Tuesday, January 23, 2007

  • Lt. Ehren Watada Faces Court-Martial for Refusing to Serve in Iraq


    Last week, a military judge ruled Army First Lieutenant Ehren Watada cannot present evidence challenging the war’s legality nor explain what motivated him to resist his deployment order. He is the first officer to refuse to go to Iraq. With his court-martial less than two weeks away, Lt. Watada is facing up to six years in prison. [includes rush transcript]

  • Peace Activist Bert Sacks Challenges U.S. Fine for Bringing Humanitarian Aid to Iraq in 1997


    While First Lieutenant Ehren Watada faces court-martial for refusing to deploy to Iraq to fight, Bert Sacks was fined $10,000 for going to Iraq to bring humanitarian aid. In 1997, Bert Sacks brought medicine to Iraqi civilians in defiance of the U.S. sanctions. Sacks is now petitioning the Supreme Court to take up his case. [includes rush transcript]

  • Legal Scholars: Congress Has Constitutional Power to Limit Scope of Iraq War & Block Escalation


    President Bush delivers his State of the Union address tonight, where he is expected to restate his intention to escalate the war by adding over 21,000 troops to Iraq, regardless of whether Congress supports him or not. However constitutional law experts say Congress has the power to cap the number of soldiers sent to fight and to limit the use of appropriated funds for the war. [includes rush transcript]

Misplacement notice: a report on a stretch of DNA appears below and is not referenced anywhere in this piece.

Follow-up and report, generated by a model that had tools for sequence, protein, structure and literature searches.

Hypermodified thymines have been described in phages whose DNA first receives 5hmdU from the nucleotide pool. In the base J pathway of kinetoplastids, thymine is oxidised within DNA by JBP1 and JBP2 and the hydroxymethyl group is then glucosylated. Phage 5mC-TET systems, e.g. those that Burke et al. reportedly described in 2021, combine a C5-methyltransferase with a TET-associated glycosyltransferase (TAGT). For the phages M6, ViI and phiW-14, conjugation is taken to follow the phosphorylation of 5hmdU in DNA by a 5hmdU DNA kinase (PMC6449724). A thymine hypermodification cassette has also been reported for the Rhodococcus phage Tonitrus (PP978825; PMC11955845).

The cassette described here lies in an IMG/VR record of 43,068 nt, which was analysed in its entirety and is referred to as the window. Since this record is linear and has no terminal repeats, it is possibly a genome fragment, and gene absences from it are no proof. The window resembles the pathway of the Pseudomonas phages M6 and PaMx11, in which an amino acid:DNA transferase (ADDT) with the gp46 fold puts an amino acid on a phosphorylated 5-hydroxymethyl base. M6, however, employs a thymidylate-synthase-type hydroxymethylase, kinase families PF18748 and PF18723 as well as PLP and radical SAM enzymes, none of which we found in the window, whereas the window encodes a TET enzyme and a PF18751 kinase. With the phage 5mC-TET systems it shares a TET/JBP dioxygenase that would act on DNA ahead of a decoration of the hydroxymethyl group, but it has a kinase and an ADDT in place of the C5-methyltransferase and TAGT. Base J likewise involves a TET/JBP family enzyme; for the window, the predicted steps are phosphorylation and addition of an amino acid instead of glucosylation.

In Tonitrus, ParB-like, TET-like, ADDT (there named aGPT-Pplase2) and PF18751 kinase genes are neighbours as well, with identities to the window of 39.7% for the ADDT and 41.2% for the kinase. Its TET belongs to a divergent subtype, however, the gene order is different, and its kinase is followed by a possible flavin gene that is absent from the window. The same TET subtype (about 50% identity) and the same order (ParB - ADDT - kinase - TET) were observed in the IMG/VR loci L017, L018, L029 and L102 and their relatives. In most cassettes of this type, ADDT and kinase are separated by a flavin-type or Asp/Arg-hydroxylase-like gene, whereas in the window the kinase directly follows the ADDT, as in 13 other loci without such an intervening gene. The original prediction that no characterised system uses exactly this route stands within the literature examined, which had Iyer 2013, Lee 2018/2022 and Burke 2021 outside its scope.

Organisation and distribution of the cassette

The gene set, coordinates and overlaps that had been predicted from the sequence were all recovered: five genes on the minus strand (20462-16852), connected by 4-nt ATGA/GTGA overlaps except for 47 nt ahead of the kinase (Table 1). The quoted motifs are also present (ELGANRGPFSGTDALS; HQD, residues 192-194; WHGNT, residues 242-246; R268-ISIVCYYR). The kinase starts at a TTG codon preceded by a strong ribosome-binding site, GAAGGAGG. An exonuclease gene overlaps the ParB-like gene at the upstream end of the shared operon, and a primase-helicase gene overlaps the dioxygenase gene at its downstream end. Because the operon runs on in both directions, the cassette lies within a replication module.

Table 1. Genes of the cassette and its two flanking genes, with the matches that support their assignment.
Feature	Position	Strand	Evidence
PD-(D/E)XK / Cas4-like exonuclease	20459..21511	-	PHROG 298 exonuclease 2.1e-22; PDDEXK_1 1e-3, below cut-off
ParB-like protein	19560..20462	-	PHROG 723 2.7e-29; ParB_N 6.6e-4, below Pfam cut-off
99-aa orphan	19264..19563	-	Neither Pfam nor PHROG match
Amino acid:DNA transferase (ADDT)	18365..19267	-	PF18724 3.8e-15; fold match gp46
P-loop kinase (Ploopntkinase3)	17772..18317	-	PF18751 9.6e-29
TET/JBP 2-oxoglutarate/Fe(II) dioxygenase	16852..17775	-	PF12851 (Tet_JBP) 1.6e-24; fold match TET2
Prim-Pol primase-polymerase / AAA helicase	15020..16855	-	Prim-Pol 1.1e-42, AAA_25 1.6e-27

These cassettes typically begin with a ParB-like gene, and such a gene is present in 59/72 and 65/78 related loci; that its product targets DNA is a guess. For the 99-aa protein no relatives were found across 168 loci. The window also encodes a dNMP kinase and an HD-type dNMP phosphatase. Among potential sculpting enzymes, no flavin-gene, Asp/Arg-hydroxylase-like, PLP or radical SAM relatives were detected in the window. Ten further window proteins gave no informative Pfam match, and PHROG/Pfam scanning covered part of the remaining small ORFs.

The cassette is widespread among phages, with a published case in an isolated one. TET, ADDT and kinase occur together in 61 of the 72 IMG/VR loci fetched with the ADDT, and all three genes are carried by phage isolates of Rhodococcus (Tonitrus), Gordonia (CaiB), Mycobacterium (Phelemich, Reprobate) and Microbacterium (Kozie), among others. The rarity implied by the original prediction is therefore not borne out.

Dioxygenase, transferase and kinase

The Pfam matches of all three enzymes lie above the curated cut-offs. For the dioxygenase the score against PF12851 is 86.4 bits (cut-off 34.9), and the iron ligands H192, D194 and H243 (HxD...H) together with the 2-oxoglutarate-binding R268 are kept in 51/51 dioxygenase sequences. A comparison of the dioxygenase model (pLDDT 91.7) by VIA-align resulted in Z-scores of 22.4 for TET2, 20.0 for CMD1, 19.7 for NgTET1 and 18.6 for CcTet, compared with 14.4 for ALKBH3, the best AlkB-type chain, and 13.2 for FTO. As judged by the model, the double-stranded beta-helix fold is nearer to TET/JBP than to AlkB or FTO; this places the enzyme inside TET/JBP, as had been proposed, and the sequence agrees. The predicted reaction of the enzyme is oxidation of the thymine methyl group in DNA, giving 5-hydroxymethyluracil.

• Over 50,000 March in Istanbul in Funeral Procession for Slain Turkish-Armenian Editor Hrant Dink


    Dink was assassinated on Friday outside his office shortly after receiving death threats by Turkish nationalists for his writings about the Armenian genocide of 1915. We speak to Zanku Armenian of the Armenian National Committee of America. [includes rush transcript]

Recent Shows More

Full News Hour


    Juan González on How Puerto Rico’s Economic "Death Spiral" is Tied to Legacy of Colonialism
    Could Puerto Rico become America’s Greece? That’s a question many are asking as the island faces a devastating financial crisis and a rapidly crumbling healthcare system. Puerto Rico owes $72 billion in debt. $355 million in debt payments are due December 1, but it increasingly looks like the U.S. territory may default on at least some of the debt. Congress has so far failed to act on an Obama administration proposal that includes extending bankruptcy protection to Puerto Rico and allocating more equitable Medicaid and Medicare...


    There are no headlines for this date.